What Does Three C Certified Mean for a Speech Pathologist?

by Colleen Reinhart ; Updated September 26, 2017
Professional experience is one requirement for CCC certification.

According to the U.S. Bureau of Labor Statistics, 47 states require practicing speech-language pathologists to obtain professional licenses, but licensing is a bare minimum for professional practice. Many speech-language pathologists also obtain a particular type of voluntary certification from the American Speech-Language-Hearing Association, which is what the CCC behind a practicing speech pathologist's name represents.

About the CCC Credential

CCC stands for Certificate of Clinical Competence. The American Speech-Language-Hearing Association, or ASHA, grants the the designation to both practicing speech-language pathologists and audiologists. For speech-language pathologists, the full acronym representing demonstrated clinical competence is CCC-SLP. Although earning a CCC credential doesn't result in a state license, licensing requirements align with CCC criteria in many states. According to a brochure published by ASHA, the CCC-SLP credential is internationally recognized, and proves that a clinical practitioner meets rigorous training, testing and continuing education requirements.

Requirements

To earn a CCC credential, a speech-language pathologist has to pass an exam, supply graduate transcripts proving graduation from an accredited program, and have clinical fellowship experience. The exam consists of 120 multiple choice questions, including case study questions. Questions cover audiology, clinical management, professionalism, research methodology, and the different types of speech and language disorders. An eligible clinical fellowship consists of at least 1,260 hours, where the applicant worked at least five hours per week over the course of the fellowship. Speech pathologists with ASHA certification have to accrue 30 hours of professional development education every three years to maintain their CCC credentials.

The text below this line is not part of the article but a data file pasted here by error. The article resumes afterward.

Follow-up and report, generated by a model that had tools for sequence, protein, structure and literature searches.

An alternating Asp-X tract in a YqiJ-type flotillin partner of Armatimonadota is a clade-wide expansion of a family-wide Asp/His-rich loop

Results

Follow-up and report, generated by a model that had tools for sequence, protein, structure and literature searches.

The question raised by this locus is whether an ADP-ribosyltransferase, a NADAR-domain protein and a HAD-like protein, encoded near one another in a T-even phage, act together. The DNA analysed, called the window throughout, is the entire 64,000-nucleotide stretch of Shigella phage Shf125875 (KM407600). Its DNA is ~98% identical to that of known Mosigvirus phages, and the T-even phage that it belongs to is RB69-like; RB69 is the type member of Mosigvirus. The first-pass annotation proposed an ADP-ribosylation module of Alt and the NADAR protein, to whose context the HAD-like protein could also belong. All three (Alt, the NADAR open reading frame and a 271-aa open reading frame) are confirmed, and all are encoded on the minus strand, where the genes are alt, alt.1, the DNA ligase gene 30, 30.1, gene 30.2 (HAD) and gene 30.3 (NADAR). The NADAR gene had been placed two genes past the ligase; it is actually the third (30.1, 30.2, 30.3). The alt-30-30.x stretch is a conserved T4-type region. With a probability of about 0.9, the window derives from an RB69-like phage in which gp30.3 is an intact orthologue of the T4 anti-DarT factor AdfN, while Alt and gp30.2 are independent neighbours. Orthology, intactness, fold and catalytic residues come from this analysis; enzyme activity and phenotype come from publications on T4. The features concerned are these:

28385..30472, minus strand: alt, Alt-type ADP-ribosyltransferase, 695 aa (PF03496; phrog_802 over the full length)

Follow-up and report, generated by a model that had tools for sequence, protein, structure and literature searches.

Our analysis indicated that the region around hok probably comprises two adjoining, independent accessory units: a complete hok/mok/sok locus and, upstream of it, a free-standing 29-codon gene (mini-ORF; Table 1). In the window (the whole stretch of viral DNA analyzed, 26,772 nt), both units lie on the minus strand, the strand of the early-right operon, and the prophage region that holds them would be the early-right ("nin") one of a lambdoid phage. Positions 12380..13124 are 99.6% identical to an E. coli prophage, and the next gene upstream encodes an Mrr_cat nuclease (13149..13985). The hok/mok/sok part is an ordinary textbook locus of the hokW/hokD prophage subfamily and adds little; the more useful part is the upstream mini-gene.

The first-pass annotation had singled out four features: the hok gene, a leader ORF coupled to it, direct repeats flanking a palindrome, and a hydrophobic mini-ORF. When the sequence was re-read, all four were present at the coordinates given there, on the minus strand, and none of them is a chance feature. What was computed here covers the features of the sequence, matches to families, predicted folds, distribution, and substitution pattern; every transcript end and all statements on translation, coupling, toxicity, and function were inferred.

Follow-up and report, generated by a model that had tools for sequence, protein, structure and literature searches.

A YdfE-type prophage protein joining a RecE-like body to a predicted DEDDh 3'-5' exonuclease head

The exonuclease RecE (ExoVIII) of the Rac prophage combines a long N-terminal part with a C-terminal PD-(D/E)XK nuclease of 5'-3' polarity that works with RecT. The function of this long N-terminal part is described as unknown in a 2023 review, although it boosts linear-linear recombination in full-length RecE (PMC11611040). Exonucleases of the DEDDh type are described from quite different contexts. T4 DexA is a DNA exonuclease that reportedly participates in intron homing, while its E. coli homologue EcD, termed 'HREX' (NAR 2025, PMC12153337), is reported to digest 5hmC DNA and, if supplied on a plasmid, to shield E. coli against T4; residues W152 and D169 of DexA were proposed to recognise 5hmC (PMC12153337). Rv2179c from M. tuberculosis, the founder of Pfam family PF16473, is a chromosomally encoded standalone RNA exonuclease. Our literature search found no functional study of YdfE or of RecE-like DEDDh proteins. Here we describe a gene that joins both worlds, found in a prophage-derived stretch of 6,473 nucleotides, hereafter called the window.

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How to Apply

To register for the exam, visit the Education Testing Service's website (ets.org/praxis) to choose a test time and location. Fill out an Application for Speech-Language Pathology Certification, available on the ASHA website, and submit it with the applicable fees to the address on the application form. Enclose with the application supplemental documents required by ASHA, including the Speech-Language Pathology Clinical Fellowship Report and Rating Form. Arrange for your school to send your official transcripts to ASHA. When you have completed your exam through the Education Testing Service, the exam results will be submitted automatically to ASHA.

CCC Benefits

According to ASHA, some states and school districts offer salary supplements to speech-language pathologists with CCC certification. With the CCC credential behind your name, you're also allowed to supervise speech pathologists completing their clinical fellowships. Being ASHA-certified makes it easier to get licensed in multiple states. Without CCC certification, speech pathologists need to submit all of the same documents they gave to their home licensing boards over again for each additional state. While speech pathologists without the CCC designation have to submit copies of their test scores, degrees, and clinical experience to practice in some states where they were not originally licensed, speech pathologists with CCC credentials do not. Most states accept a valid license from another state plus the CCC designation as proof of eligibility for licensure, even without these additional documents.

About the Author

A professional writer since 2006, Colleen Reinhart has held positions in technical writing and marketing. She also writes lifestyle, health and business articles. She holds a Bachelor of Arts and Business degree from the University of Waterloo, and a Master's degree in speech-language pathology from the University of Toronto.

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